April is Sexual Assault Awareness month, and in honor of National Crime Victims Rights Week, the college held its second annual Community Resource Fair on both campuses to spread awareness and information about crime including sexual assault and domestic violence to students. The fair was held on April 5 on East Campus and the following day was held on West Campus.
“We live here and we need to know what our resources are in these situations,” said student Genave Lamvert.
The fair was home to booths from many organizations including The Women’s Shelter of South Texas, Corpus Christi Police Department, Charlie’s Place, Women’s and Men’s Health Services and Youth Odyssey. Agencies gave out brochures detailing risks and informative handouts along with fun prizes like stuffed animals, candy and more to get students’ attention and show them how to deal with being victims of crime and how to avoid becoming such.
“We’re a prevention organization that works with at-risk youth,” said Micaela Kidd, who works with Youth Odyssey. “We do afterschool programs at middle schools to teach kids how to be leaders and successful people.”
While the some booths focused on proactive solutions, other booths included interactive activities for change as well. For example, students could sign one of many pledges and have that pledge turned into part of a paper chain meant to symbolize strength for victims.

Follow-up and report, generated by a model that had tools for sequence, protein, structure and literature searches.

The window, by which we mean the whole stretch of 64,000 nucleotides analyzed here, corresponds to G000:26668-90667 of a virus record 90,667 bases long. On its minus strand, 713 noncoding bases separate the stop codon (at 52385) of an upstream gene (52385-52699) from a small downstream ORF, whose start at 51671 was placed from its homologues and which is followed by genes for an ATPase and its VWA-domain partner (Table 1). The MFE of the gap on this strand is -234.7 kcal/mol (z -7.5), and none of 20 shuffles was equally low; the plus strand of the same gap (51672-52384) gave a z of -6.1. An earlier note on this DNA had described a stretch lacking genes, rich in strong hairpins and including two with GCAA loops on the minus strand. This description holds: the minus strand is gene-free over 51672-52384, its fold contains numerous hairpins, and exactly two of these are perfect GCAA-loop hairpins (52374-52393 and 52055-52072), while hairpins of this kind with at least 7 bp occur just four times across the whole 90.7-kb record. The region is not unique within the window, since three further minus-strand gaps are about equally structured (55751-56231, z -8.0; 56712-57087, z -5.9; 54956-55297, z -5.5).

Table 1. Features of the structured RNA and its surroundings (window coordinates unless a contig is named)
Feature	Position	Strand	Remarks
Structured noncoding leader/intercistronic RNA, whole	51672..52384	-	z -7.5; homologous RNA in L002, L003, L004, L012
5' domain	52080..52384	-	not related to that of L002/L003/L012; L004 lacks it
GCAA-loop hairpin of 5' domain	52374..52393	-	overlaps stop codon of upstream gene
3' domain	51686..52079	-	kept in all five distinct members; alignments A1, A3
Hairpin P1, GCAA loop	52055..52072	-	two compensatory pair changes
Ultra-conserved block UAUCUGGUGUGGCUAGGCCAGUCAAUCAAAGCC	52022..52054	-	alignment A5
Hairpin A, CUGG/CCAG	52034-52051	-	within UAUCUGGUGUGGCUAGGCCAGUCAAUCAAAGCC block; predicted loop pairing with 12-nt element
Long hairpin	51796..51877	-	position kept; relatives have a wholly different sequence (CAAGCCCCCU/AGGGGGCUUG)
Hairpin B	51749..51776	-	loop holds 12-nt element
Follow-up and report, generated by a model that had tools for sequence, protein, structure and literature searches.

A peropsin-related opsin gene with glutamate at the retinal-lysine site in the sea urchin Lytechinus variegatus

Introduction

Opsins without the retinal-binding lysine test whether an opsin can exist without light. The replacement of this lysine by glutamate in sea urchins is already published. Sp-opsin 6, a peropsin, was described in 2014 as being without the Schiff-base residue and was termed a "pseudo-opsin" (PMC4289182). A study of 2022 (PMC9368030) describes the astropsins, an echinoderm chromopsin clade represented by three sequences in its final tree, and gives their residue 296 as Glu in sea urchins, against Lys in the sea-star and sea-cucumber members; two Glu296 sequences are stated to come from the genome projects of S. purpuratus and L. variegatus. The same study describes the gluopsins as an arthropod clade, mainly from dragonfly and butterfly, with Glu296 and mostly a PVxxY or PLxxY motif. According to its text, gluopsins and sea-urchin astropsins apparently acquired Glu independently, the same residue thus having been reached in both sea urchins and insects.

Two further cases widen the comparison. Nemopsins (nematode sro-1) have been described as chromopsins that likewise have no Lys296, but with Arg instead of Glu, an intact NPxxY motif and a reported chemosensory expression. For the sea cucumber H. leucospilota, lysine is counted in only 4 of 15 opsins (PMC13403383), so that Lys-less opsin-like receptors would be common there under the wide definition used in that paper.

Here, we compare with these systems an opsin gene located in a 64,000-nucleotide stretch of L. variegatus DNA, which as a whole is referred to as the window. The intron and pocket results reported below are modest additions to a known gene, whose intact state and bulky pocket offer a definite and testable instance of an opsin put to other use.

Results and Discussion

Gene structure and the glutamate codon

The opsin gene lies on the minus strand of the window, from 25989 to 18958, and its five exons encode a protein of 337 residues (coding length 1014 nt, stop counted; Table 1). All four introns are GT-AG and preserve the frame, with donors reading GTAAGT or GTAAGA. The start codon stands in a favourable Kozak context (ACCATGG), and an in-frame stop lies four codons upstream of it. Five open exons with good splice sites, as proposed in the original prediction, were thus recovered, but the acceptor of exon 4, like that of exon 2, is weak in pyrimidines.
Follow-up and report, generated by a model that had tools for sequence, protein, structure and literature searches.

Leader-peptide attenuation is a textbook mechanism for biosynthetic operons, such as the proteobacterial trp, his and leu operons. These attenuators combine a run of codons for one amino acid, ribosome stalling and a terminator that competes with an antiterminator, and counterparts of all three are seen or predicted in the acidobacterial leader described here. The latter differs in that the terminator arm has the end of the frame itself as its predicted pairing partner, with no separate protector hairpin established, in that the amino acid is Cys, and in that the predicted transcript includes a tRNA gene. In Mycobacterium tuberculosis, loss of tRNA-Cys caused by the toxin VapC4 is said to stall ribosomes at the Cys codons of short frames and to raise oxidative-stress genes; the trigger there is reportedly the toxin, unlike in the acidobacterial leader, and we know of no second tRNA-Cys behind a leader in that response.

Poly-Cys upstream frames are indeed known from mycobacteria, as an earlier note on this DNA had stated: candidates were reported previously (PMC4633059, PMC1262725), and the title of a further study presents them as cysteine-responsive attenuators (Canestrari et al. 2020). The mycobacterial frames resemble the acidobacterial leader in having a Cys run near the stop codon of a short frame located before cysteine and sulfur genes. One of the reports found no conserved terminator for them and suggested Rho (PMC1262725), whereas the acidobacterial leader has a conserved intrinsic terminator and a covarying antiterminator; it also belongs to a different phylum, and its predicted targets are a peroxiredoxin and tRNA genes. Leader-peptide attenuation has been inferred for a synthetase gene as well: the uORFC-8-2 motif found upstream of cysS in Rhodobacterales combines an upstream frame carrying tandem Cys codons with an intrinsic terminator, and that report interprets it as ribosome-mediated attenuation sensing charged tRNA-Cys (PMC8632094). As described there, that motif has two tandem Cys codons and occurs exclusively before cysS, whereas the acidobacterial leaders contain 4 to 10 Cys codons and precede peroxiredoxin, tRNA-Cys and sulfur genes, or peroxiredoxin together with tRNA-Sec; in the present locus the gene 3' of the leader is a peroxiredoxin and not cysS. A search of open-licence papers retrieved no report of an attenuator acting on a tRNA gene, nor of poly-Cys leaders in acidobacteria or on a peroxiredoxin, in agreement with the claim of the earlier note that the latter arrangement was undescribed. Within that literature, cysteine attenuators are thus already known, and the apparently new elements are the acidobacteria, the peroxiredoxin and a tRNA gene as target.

The Women’s Shelter invited students to decorate paper jeans and participate in “Denim Day,” a day where denim jeans are worn in protest after the Italian Supreme Court decided that a victim’s tight jeans being removed during her encounter implied her consent. This year, Denim Day will fall on April 26 and officials, people in positions of authority and really anyone are invited to wear jeans to raise awareness.
These, along with other displays, such as the CCPD’s handout on how to stay safe while going out or walking alone, encouraged students to be educated, supportive and to work toward a better world for victims altogether.
“A lot of people are scared to talk about this but this fair helps them not have to feel ashamed,” Nina Garza said. “This lets them know that there’s other people that have been through it and that they have support.”